BY JUSTIN BARTHOLOMAY, North Dakota YPC
In rural North Dakota, one can stumble upon the Lake View Stock Farm. Located in Sheldon, home to nearly 130 people, the Bartholomay family raises naturally grown Simmental/Angus cattle, as well as a small flock of commercial bred sheep. Justin Bartholomay, the youngest manager of the operation works closely with his father, uncle, and grandpa to make good management decisions to help the operation run more smoothly and efficiently. Justin, an undergrad student at North Dakota State University, is in his senior year of college majoring in Animal Science.
As the summer months are winding down, and fall is in the air, so too is the grass beginning to grow slower and run out. For the Lake View Stock Farm, a four generation family owned and operated business, the cattle have about a month and a half left of grazing. After that time, they will be brought to graze acres of harvested corn and wheat fields as well as lush, green areas of turnips, radishes, and hay millet. Once the chilly, winter winds begin blowing snow, the pairs will be brought back to the home quarter where they will winter throughout the cold season being fed a ration of corn silage and alfalfa and grass hay.
The Lake View Stock Farm began in 1942 after Justin’s great-grandpa, Ervin Bartholomay, purchased the farm and thus beginning the Bartholomay’s legacy of farming and ranching. The ranch first consisted of a mixed breed dairy operation along with a Shorthorn beef cattle herd as well as pigs. Over time, Ervin began to transform the farm into a Holstein dairy herd and a Hereford beef herd. When the farm was later passed on to Ray Bartholomay, Justin’s grandpa, he converted the beef operation into a Black Angus herd, and continued to milk Holsteins until his kids were active in school sports. He then sold his dairy cows to have more time to attend games. Years later when the farm was passed on to Dan Bartholomay, Justin’s dad, he began incorporating Black Simmental genetics into the herd and today their cattle consist mainly of high percentage Simmental cows.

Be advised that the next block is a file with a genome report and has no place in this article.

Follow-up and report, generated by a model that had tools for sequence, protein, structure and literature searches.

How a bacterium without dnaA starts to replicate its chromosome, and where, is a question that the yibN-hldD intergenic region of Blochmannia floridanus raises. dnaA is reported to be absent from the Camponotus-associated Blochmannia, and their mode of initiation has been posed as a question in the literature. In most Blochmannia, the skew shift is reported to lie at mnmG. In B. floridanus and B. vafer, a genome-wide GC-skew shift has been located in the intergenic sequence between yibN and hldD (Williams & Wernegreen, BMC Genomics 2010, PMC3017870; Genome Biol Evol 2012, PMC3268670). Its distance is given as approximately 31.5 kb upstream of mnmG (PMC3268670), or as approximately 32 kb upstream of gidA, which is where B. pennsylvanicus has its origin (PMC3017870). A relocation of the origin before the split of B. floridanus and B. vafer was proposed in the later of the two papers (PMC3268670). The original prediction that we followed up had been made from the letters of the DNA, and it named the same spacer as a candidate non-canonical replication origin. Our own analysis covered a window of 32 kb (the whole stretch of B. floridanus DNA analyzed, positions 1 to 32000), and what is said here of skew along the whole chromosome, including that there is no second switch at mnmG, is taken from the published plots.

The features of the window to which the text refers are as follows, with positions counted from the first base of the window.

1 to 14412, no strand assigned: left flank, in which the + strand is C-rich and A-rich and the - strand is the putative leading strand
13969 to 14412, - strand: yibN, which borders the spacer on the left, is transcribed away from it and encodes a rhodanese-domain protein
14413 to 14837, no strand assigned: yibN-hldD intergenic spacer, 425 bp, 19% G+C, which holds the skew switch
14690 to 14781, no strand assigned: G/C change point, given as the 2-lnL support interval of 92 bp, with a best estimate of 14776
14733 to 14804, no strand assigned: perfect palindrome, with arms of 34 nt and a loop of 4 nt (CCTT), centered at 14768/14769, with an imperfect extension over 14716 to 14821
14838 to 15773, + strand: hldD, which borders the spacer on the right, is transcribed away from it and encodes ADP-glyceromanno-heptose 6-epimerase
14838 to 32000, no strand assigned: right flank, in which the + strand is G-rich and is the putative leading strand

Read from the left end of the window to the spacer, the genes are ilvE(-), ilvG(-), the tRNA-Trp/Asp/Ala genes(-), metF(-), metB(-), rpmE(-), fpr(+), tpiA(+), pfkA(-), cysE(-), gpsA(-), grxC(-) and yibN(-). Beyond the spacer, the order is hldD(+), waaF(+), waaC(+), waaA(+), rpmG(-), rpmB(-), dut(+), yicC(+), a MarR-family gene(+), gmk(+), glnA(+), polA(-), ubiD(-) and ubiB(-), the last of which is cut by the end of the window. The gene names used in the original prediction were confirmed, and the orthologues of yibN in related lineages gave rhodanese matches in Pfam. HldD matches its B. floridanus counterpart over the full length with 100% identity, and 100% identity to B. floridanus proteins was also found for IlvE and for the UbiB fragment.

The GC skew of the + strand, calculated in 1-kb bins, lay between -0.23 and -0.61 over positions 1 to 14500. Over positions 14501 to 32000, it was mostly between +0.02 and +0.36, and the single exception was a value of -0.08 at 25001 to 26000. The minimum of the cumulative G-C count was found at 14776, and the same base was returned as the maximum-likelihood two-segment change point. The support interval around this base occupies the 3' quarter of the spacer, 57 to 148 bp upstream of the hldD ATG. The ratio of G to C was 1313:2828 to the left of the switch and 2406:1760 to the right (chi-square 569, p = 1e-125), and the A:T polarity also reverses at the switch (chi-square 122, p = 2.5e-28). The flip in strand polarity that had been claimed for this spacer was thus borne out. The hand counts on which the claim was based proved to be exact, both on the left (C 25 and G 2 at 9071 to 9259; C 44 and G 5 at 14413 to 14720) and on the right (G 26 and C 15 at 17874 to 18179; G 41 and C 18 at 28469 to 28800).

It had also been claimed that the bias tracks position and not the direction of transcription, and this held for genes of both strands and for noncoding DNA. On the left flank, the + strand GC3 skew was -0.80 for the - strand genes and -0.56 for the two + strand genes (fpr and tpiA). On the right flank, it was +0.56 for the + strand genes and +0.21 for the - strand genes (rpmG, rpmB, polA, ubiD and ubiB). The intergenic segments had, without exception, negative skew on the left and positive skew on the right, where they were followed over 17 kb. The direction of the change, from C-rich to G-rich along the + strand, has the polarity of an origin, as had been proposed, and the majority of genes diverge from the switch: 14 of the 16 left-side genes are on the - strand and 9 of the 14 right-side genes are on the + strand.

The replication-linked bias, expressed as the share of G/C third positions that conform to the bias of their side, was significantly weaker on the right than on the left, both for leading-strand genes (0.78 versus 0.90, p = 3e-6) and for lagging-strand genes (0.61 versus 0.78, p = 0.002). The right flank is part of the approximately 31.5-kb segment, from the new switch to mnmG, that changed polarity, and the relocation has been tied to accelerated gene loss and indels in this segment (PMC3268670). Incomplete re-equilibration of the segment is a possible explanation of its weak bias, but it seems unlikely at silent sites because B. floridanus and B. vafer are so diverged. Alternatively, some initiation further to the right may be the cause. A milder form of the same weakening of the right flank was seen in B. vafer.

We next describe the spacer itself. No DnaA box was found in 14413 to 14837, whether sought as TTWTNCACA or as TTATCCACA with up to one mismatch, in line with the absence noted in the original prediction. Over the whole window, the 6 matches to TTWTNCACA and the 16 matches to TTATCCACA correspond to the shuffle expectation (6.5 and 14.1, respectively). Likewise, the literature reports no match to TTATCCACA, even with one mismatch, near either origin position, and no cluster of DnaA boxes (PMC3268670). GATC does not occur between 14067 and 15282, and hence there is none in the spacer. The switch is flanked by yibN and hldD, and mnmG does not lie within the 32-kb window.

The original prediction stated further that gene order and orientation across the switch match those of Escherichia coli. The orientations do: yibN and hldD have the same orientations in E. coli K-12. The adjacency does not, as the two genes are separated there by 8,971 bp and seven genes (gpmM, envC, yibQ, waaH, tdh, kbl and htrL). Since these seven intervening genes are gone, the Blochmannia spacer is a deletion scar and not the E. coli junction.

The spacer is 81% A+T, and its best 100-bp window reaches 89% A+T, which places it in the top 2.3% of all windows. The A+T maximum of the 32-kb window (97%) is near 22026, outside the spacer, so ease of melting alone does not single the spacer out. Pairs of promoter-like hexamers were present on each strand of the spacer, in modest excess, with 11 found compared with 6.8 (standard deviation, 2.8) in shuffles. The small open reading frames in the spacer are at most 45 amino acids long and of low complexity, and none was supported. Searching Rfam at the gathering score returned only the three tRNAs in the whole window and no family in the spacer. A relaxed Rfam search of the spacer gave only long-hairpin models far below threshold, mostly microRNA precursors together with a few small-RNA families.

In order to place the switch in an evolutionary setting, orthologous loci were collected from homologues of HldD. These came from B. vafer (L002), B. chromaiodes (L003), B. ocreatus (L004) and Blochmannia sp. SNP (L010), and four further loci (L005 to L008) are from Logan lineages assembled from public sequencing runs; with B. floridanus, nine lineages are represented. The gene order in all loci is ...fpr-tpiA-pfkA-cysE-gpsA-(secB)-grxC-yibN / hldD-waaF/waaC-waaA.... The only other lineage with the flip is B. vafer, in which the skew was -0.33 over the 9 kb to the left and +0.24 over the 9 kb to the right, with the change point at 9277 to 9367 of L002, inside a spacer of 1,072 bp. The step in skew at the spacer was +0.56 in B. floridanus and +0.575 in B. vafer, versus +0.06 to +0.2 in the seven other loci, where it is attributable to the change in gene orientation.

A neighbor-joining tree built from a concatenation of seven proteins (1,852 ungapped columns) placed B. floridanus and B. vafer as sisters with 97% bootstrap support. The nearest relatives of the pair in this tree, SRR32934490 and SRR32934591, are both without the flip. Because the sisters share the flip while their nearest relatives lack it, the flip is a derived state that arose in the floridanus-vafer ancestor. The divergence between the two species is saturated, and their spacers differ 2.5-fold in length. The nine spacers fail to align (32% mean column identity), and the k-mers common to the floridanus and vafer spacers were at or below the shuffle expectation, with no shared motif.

The Bartholomay’s have always been farmers at heart as well. From the farm’s establishment to current daily life, they have raised everything from oats, barley, flax, wheat, soybeans, sunflowers, and corn. As well, they also raise their own feed for the cattle; corn silage, field corn, alfalfa, and hay millet. John Deere equipment is all that is allowed on the operation, and a collection of close to 40 old-time tractors has been a result of the Bartholomay’s green and yellow pride.
Technology is becoming a new thing, and Justin is slowly trying to incorporate new things within the farm and ranch. He recently became a certified A.I. technician, and bred some of their best cows in May, with the hopes of getting good replacement heifers. Justin also hopes that over time they will revamp their corral system including a new squeeze chute and a weigh scale to record birth and weaning weights. Justin next either plans to attend grad school for animal breeding or go back to the family farm to begin his own legacy. In his past time Justin enjoys taking pictures of anything related to agriculture to help promote the industry. You can find his latest shots on his instagram account @godmadeafarmer.